Our VP of Innovation, Jason Billingsley has a key eye for new ecommerce trends and will be presenting a full hour’s worth of innovations in a webinar 9 Ecommerce Innovations: What’s Now & What’s Next. It’s happening June 19th so mark your calendars.
M+O stylists have put outfits together that customers can buy all at once, and the outfits are shown on real models that move around as you view the page. You can zoom in by rolling over an image, and the model does a 360 degree spin so you get a feel for what the outfit looks like (well, on the perfect model anyway).
If you click to refine your outfit results to just “Moonlight,” “Seashore” or “Sunshine,” (which I don’t see serving much purpose), the girls whose outfits don’t fit your criteria gingerly walk out of the scene.
Shopping by outfit can save a shopper time as traditionally, one would need to navigate to different categories and add items individually. And by choosing from pre-selected sets, the fashionably clueless get some ideas of how to dress.
Shoppers can also build their own outfits using “Layer Your Own Look,” (link removed, feature no longer exists) which turns traditional site navigation on its head – essentially you can shop multiple categories without leaving a page, and see how items “work” together. Looks can be saved for a future visit or added to the shopping bag for checkout.
More and more fashion retailers are adding some form of “shop by look” merchandising. Other stores include Rampage, Lacoste and Arden B (a quick search for “shop by look” in Google gives you more examples). When you click on a look, you see all the items listed individually on the same page, so you can check off the items you want. The problem with this is you navigate away from the look unless you’re savvy enough to open a new tab or window to hold your place. Martin + Osa smartly uses AJAX to show detail without navigating away from the page:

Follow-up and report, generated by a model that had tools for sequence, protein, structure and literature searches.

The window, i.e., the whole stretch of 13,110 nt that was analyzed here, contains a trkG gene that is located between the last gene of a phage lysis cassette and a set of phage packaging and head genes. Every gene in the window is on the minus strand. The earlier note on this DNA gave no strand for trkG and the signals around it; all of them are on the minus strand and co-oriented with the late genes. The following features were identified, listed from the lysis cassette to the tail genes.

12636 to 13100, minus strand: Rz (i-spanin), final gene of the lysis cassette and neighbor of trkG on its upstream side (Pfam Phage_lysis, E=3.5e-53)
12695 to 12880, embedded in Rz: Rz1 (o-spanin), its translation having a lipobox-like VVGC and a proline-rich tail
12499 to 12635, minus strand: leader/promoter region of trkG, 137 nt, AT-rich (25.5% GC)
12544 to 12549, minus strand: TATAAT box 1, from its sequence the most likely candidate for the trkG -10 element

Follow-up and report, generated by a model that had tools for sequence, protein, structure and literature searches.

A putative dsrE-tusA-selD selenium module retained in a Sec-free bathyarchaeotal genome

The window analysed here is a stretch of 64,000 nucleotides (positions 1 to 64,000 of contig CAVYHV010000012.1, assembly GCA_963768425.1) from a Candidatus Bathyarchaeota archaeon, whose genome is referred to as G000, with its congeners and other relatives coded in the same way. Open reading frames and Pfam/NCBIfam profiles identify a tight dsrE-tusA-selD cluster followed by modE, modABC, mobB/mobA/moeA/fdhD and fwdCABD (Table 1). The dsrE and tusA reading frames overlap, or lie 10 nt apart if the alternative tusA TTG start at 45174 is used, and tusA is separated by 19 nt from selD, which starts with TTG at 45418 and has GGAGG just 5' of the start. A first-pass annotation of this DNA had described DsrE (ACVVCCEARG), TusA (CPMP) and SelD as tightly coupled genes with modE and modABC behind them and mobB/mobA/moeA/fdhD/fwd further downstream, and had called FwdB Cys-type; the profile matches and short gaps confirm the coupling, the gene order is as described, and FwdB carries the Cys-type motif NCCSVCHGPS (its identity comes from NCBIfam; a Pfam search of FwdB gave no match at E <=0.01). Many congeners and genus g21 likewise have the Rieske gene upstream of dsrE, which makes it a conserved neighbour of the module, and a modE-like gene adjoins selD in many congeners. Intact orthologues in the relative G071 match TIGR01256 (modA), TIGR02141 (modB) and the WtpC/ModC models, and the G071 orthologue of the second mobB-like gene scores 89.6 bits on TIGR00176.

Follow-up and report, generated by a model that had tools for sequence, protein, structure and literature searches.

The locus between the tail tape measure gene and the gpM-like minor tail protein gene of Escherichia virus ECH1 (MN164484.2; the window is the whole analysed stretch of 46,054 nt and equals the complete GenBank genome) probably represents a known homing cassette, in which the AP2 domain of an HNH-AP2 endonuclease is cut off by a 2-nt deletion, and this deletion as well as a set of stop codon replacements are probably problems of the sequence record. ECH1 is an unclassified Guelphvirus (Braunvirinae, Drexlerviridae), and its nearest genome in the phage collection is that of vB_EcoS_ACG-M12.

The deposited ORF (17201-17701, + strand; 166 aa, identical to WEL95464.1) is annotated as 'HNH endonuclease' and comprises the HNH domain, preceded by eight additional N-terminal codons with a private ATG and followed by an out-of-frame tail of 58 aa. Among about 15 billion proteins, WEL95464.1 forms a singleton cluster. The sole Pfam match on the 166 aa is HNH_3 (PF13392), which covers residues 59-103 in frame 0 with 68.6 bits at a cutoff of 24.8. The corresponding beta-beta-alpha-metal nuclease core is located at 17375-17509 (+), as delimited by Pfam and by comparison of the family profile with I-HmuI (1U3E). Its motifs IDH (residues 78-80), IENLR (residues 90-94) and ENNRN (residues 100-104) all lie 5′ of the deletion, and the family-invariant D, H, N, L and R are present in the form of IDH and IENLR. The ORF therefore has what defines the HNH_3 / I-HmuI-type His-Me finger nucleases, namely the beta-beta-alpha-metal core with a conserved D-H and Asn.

Product details can be viewed by switching tabs. The tabs may be too subtle here to notice, but it does help pack more information in a smaller space.
M+O also provides detailed product images that show extreme close-up views of fabrics, pockets and other item details.
For most online merchants, this type of rich media investment simply is too expensive to implement. But as more and more large retailers add video and Flash applications to their e-stores, customers are going to become more spoiled and will expect to see 360 degree product views, products in context (clothing on people) and very detailed product images. This is reasonably easy to implement for any retailer using static images. Though this is also not cheap, it’s far less expensive than what M+O has done.
It’s also important for any retailer who does use a “shop by look” approach to allow customers to see cross-sell detail information without clicking away from the look page.
A side note: as I mentioned in my interview with Rich Page, American Eagle has one of my favorite navigation menus in terms of design, placement and usability. I’m happy to see Martin + Osa doing the same.